Vulnerable witnesses in the administration of criminal justice

|Speeches|Lord Judge

Speech by the Lord Chief Justice

“This speech represents the personal views of the judge and does not necessarily represent those of the judiciary as a whole.”

“One of the great advantages of the common law system created in Anglo Saxon England, a tiny island off the coast of Europe, but now a system which works world wide, is that it is a flexible system, capable of steady adaptation to the needs of contemporary society and technological or scientific developments. Each of our societies is, of course, different and developing in different ways and at different speeds. Be all that as it may, the common law does not belong to any one country. It is not owned by England. It belongs to you in Australia as it does to me in England. We can learn a good deal from each other. And there is, I believe, a remarkable level of mutual respect and admiration among the judges in each of our countries, and the willingness to learn from the experiences of others.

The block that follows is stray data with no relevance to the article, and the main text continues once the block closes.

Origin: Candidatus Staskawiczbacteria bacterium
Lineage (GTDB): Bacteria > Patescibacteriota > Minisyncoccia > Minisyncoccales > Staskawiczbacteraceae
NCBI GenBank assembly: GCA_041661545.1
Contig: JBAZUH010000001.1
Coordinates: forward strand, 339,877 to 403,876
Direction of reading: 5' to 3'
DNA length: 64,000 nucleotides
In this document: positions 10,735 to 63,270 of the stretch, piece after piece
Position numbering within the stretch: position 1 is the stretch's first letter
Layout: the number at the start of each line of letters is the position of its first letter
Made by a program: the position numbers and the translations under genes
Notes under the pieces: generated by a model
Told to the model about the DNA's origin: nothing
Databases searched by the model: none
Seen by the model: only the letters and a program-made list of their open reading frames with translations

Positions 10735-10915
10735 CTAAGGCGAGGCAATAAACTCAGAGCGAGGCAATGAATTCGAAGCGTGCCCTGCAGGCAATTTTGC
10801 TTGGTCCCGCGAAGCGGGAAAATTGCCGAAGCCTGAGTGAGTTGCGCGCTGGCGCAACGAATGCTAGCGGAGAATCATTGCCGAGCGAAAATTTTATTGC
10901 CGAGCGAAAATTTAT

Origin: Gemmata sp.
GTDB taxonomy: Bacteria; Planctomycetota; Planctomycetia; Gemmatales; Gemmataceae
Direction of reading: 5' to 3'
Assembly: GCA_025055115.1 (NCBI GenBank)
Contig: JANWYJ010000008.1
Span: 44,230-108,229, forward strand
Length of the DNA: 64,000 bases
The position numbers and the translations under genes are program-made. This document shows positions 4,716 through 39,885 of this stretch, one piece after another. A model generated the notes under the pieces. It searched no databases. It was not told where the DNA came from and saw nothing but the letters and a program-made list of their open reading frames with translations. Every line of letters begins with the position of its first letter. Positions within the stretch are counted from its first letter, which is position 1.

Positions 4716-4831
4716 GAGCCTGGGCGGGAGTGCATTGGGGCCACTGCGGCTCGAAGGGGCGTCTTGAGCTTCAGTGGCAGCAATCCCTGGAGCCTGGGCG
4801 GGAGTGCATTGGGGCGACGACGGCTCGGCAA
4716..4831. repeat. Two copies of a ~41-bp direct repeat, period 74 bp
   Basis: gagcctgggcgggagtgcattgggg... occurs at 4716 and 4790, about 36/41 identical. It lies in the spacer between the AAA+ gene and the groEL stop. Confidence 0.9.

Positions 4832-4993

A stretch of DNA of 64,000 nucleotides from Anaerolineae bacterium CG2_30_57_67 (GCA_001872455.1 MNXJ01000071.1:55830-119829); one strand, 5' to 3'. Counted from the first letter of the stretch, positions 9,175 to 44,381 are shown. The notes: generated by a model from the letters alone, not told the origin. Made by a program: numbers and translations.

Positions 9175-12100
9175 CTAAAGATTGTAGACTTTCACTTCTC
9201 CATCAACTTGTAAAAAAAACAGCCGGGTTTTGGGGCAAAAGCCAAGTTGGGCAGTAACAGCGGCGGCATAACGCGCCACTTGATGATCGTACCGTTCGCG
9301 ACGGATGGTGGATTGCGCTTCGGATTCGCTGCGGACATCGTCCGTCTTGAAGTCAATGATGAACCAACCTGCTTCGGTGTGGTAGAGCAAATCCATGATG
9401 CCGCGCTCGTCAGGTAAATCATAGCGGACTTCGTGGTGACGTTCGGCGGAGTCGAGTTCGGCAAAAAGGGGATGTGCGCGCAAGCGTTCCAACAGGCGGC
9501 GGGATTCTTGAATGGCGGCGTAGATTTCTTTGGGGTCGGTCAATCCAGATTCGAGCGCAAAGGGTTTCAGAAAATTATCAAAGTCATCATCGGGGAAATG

“Perhaps we should start by identifying those who are vulnerable witnesses, or at least potentially vulnerable witnesses, not as a matter of statute, but as a matter of reality.

“First, children – all children – each and every child.

“Second, victims of crime, but particularly victims of sexual crime, and certainly sometimes victims of and witnesses to serious violent crime.

“Third, a group which is becoming increasingly apparent, those who for whatever reason lack communication skills.

“Fourth, others of course, not least those about whom ignorant myths may still persist..”

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